At least 13 Republican state legislators say state Supreme Court justices on Monday should ask candidates for Tennessee attorney general whether they would have joined other states in challenging the Affordable Care Act in 2011, reports Andy Sher.

Many of those legislators are among conservatives who tried (unsuccessfully) to unseat three Democratic justices in the Aug. 7 retention election… A good part of the judicial ouster effort centered on conservative criticism of current Attorney General Bob Cooper, a Democrat and Chattanooga native who did not join the anti-Obamacare lawsuit filed by mostly Republican state attorneys general. The U.S. Supreme Court upheld the ACA’s constitutionality.

…(Sen. Mike) Bell said he had hoped to ask the AG candidates the Obamacare lawsuit question himself. But the format chosen by the five justices, who appoint the attorney general, doesn’t permit that, Bell noted.

He said he believes it needs to be asked because a “majority of Tennesseans” oppose Obamacare.

And the question gets at a larger issue than just the Affordable Care Act, he said.

The attorney general “defends laws passed by the Legislature,” said Bell, chairman of the Senate Government Operations Committee.

“Along with a great many Tennesseans, we want to know whether the other applicants would have pursued a case like the majority of other states to defend our sovereignty.”

Sen. Janice Bowling, R-Tullahoma, said in a news release (note: available below) that the attorney general “serves as the top lawyer for the citizens of this state.” Calling the ACA an “overreach of federal power,” she said, “We hope that this question will be posed and believe it will provide great insight for the public regarding these applicants.”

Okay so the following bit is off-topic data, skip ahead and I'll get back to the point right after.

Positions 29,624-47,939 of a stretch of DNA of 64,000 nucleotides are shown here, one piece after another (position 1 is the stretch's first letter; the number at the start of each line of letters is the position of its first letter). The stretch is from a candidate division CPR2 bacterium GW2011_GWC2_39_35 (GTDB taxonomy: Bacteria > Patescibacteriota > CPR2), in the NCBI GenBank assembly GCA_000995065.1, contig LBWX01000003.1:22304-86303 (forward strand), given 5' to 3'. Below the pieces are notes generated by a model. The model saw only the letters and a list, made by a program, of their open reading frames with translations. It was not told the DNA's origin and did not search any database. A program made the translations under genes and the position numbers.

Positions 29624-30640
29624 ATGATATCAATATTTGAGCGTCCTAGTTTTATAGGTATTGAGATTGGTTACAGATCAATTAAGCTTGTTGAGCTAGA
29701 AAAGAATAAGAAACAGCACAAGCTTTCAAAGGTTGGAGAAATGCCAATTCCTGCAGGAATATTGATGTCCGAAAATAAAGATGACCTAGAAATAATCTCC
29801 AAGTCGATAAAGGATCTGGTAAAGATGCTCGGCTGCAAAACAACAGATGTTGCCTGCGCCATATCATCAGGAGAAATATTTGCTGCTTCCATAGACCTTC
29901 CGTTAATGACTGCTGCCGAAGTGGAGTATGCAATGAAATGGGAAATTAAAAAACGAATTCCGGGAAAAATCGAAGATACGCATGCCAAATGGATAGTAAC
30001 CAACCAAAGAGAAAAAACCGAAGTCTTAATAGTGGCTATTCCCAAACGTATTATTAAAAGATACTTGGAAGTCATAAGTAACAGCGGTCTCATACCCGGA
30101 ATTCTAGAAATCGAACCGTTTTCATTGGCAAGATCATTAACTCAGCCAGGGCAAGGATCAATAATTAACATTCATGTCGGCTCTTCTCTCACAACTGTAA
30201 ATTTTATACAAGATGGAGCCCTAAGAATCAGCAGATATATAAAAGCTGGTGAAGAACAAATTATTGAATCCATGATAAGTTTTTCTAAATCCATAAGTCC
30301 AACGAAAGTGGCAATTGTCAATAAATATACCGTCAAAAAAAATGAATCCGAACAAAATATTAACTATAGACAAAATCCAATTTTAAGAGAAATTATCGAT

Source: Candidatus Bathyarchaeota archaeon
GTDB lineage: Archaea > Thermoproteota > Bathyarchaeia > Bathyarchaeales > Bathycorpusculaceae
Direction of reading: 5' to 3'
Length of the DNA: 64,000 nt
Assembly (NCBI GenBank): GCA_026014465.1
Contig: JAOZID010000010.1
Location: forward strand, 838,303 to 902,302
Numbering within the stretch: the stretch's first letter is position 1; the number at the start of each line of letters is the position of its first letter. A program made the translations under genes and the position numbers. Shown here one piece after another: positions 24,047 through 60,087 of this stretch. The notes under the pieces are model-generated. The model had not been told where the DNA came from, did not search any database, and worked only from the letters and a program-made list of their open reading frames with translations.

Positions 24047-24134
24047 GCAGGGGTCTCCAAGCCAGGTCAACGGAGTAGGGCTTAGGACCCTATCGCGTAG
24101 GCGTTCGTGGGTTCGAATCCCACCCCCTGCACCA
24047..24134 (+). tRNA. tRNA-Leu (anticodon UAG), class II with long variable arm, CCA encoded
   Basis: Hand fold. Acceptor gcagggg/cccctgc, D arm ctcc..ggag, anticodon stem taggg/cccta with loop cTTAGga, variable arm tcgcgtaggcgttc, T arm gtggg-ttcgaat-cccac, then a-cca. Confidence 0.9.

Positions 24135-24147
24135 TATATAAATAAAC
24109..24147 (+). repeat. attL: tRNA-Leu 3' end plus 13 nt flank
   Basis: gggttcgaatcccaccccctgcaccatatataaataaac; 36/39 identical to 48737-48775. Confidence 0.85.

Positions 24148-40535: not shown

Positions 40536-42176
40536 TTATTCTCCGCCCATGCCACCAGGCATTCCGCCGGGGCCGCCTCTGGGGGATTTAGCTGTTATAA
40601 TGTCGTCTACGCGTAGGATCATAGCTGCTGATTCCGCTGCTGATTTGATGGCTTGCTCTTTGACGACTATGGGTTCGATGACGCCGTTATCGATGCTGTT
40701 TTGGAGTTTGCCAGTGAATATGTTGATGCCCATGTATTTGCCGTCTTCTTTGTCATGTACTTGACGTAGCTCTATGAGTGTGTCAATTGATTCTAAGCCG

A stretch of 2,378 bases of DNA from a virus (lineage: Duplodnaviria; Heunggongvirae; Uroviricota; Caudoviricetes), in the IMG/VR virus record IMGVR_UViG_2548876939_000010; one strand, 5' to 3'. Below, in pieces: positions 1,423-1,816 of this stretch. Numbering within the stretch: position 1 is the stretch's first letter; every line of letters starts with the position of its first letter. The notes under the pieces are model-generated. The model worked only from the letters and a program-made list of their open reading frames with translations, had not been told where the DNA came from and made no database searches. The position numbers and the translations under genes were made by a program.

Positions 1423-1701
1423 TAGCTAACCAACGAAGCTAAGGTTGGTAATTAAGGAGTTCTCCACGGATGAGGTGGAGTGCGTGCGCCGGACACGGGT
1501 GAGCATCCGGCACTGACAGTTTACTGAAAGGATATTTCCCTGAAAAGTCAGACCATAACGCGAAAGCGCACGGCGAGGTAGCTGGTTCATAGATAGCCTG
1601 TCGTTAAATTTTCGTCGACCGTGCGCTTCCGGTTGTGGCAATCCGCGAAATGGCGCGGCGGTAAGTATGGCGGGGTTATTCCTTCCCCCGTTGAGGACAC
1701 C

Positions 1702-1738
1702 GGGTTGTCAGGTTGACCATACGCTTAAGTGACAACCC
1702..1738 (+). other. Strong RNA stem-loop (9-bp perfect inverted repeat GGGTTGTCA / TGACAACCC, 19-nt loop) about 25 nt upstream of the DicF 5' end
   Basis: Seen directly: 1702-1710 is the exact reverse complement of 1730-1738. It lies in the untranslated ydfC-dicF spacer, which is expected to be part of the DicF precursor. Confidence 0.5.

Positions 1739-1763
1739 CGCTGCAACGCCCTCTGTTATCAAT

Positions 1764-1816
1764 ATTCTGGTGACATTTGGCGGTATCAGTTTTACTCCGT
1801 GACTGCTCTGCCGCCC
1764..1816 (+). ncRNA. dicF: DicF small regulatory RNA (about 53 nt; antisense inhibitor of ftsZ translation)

Nashville attorney Bob Tuke, a former Tennessee Democratic Party chairman, charged Republican lawmakers were doing some overreaching of their own.

“They’re overstepping the bounds of the separation of powers and it’s entirely inappropriate,” Tuke said.

Moreover, Tuke said, “it puts those candidates for attorney general in a very uncomfortable position because they’ve not studied that position, I presume. It was a matter of very careful study by Bob Cooper. I know that.”

Besides Cooper, seven candidates, including Republican Gov. Bill Haslam’s legal counsel, Herb Slatery, and Administrative Officer of the Courts Bill Young, have applied for the post.

… Speculation is rampant in Democratic circles, meanwhile, that neither Slatery nor Young would have applied if at least one of the Democratic justices wasn’t open to naming a Republican.
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Bell, Gresham echo RNC attacks on American history course, seek state investigation

Advanced Placement U.S. History could become a new education battleground in Tennessee after a pair of Republican state senators have alleged the course leaves out key founding fathers, principles of the Declaration of Independence and iconic American figures, according to The Tennessean.